In its simplest form, social computing is the use of computers and digital devices such as smart phones to allow two or more people to interact and collaborate via the Internet. The popular trend emerged with the introduction of Web 2.0, which created a single, easy-to-use online platform. Through it, people and computers interacted through intuitive software that recognizes a user’s behavior and makes assumptions based on these actions. Built on the basic principles of an open platform to access information, flexible and intuitive web-based software, and transparent communication to share collective knowledge, social computing allows people, businesses and institutions a way to create virtual worlds in which users participate in a variety of ways.
People use social computing to connect with others, learn new information, play online games in real time, and build communities based on shared interests. Hundreds of millions of people worldwide use social computing to compare prices, post reviews and debate issues. Most sites are free and publicly available through an Internet connection, so these accumulated conversations, comments and ratings are changing the way people interact with businesses.
The trend is also changing the way companies do business. By gathering social computing intelligence, companies develop social media strategies to take advantage of these connections continuously happening online. E-mail remains closely tied to social computing by serving as a filter. For example, members of networking communities receive e-mail alerts about new posts in their favorite online communities; businesses use e-mail lists gathered from a customer database to send e-newsletters or special offers. Recipients can filter the messages and access the information most important to them.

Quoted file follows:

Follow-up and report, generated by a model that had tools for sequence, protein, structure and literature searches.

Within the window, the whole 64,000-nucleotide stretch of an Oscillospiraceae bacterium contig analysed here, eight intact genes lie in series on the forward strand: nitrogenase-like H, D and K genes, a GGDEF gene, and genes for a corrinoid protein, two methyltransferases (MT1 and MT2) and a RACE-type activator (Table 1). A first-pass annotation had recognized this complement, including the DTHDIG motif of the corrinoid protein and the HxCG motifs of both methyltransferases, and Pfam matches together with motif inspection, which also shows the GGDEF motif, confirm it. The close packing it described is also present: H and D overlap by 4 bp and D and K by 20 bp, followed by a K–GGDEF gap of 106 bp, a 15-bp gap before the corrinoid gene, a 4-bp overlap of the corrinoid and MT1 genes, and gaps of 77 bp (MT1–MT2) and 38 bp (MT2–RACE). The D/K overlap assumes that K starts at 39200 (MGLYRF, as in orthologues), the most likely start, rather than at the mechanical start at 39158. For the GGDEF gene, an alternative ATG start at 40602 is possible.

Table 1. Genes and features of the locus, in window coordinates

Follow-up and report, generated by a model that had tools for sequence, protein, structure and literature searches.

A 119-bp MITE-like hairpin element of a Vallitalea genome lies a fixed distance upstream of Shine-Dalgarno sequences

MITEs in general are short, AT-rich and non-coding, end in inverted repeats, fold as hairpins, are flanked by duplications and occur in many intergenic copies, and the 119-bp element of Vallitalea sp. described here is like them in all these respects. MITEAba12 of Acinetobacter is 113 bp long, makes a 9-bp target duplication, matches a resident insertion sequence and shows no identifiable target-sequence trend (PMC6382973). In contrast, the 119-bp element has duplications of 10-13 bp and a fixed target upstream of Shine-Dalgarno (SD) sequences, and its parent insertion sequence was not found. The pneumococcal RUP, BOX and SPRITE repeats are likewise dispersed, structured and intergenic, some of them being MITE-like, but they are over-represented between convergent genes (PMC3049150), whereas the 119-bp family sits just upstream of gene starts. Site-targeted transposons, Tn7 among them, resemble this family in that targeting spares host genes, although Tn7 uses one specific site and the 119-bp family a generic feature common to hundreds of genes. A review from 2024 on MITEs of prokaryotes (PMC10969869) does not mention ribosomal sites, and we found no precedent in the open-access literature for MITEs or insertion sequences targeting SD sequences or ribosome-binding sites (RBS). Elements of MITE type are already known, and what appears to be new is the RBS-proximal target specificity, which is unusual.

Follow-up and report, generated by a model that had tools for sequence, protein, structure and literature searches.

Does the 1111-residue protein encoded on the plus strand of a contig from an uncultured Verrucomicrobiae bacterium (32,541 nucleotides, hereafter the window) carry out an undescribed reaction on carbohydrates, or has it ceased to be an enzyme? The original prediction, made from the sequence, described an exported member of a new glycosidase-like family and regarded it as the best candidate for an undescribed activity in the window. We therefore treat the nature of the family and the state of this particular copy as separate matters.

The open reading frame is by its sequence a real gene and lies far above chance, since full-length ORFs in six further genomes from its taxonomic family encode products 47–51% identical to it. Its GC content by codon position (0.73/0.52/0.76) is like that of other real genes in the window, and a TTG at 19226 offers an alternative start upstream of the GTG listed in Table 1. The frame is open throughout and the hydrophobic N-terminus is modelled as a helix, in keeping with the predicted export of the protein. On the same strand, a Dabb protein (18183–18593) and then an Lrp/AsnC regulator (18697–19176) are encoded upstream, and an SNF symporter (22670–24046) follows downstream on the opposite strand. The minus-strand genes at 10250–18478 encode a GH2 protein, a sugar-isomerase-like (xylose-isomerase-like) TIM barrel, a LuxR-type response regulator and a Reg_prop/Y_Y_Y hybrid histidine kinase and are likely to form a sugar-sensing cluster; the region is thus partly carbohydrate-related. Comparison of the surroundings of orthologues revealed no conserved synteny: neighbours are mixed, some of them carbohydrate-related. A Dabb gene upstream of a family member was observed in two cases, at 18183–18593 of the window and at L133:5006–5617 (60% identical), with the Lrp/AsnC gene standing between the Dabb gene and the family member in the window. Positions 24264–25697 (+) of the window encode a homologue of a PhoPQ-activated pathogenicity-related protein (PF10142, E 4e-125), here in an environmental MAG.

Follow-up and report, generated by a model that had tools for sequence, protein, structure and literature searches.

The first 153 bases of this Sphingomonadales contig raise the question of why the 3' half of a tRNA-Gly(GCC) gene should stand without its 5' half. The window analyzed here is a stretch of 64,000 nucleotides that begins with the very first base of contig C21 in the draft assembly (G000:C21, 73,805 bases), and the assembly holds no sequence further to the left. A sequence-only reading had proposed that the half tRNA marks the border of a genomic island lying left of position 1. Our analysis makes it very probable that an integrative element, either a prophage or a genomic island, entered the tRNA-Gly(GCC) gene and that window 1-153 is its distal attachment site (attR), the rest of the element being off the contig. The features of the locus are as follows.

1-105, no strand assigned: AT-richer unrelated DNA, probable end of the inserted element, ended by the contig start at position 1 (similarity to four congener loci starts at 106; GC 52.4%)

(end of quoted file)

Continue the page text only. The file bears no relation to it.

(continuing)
While people have practiced social networking for centuries, social computing through the Internet has helped users build new relationships, as well. Based on the six degrees of separation concept, the practice of online social networking assumes that two people in the world can make contact through no more than five other people. One person invites his or her contacts to join an online community. Those contacts, in turn, invite their contacts and those contacts invite people they know to join. Through these interconnected online communities, users meet “good to know” people they are unlikely to meet in any other situation.
New and emerging software and mobile devices, such as media tablets that allow users to see and hear each other while networking online, make social computing more convenient and continuous. Newer software developments aim to improve interactions between users and computers through context-awareness. These tools recognize user behaviors, as well as the user’s preferences and emotions, and use that knowledge to enhance collaboration and communication.